Trapping and Fur. The UGLY truth behind the lies of Fashion

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I put this clip together to expose the shocking truth about the fur industry. Please feel free to share it, repost and get the word out. Hopefully it will touch the heart of at least one person who will stand up and actively do something to put an end to cruelty. It is one thing to talk about opposing cruelty, but DOING something is way more commendable. And rewarding.
For more info, check out Fur Free South Africa

Partial suspension of EU ban on Fur

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EU partially suspends ban on seal products
By Toby Vogel

Ban on most seal products takes effect today, but EU court gives Inuit groups extra time to submit a full legal challenge.The European Union’s highest court has partially suspended an EU ban on the import of seal products in order to allow opponents of the ban to present their case in writing.

The PARTIALl suspension of the ban, which came into force today, applies until 7 September and applies ONLY to groups who lodged a case with the European General Court. A number of companies are among the plaintiffs, but the principal challengers are seal hunters from native Inuit communities in Canada, Greenland and Norway. The BAN REMAINS IN PLACE FOR ALL OTHER HUNTERS and means that almost all seal products are, from today, BARRED from the EU.

A spokes person for the European Commission said that an oral hearing, to be held soon after the 7 September deadline,would determine whether the suspension would continue until the full case is heard. The legislation contains an exemption for products from seals hunted by Inuit, but Inuit groups are nonetheless opposed to the legislation, arguing that it would lead to the collapse of market prices.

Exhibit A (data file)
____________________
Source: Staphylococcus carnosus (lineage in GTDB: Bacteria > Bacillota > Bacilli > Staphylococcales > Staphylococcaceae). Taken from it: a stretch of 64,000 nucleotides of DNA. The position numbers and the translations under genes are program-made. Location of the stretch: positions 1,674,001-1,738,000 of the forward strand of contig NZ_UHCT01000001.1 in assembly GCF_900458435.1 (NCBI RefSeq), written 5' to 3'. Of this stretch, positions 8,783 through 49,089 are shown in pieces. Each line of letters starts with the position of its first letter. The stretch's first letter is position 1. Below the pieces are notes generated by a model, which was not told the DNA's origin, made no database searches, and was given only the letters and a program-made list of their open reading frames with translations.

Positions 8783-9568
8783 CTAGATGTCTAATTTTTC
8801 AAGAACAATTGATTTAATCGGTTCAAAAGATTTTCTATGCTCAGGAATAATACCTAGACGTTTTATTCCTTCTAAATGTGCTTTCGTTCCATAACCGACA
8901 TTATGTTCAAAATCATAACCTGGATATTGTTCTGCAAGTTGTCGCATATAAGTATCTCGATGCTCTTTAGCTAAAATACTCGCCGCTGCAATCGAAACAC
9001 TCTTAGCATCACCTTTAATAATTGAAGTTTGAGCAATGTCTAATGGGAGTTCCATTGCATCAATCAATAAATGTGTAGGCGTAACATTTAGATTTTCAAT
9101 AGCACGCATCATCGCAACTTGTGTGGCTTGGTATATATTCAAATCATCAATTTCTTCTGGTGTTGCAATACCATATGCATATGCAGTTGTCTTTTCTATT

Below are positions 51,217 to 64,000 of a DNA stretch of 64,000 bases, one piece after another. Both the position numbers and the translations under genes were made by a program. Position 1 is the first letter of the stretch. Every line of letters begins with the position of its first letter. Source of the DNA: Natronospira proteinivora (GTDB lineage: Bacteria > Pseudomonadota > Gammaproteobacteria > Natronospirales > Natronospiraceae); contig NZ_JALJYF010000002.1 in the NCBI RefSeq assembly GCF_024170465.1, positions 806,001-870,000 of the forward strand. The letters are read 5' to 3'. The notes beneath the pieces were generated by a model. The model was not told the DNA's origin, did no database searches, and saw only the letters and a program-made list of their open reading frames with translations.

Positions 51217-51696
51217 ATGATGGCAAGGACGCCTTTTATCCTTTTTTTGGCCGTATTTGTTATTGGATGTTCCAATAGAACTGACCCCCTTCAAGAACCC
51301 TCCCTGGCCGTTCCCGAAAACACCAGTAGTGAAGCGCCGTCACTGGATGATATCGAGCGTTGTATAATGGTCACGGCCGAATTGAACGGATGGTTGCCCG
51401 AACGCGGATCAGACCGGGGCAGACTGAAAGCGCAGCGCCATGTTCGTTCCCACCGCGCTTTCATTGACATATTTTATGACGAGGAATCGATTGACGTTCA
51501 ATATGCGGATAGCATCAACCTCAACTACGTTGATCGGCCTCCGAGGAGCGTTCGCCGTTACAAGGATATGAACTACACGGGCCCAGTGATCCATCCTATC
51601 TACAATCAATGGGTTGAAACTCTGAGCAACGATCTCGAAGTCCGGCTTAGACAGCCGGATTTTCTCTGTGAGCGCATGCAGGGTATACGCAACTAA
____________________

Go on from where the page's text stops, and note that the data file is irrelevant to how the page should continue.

Mary Simon, the president of Inuit Tapiriit Kanatami, Canada’s main Inuit organisation and the lead plaintiff in the court action, welcomed the suspension by Luxembourg-based European General Court. “Although we are not sure what future action the EU court will take in this case, I welcome the current decision by the court to stop the implementation of the ban asscheduled,” she said in a statement. “I can only hope that the EU court will determine that the ban and its so-called Inuit exemption are illegal,” she stated. Simon, who also described the ban as “immoral”, calledfor the European Parliament, the chief supporter of the ban,”to do the right thing and withdraw its legislation”.

Canada, the country most affected by the ban, is also challenging the ban. Its prime minister, Stephen Harper,announced yesterday that his government would ask the World Trade Organization (WTO) to set up a dispute settlement panel to assess whether the EU’s import ban breaks WTO rules. Canada has already complained to the WTO that the ban violates the EU’s trade obligations. “This is flagrant discrimination against the Canadian seal industry, against Canadian sealers,” Harper said. Canada and the EU are conducting talks on a far-reaching free-trade agreement. The next round of negotiations is to take place in October, and agreement appears possible by next year.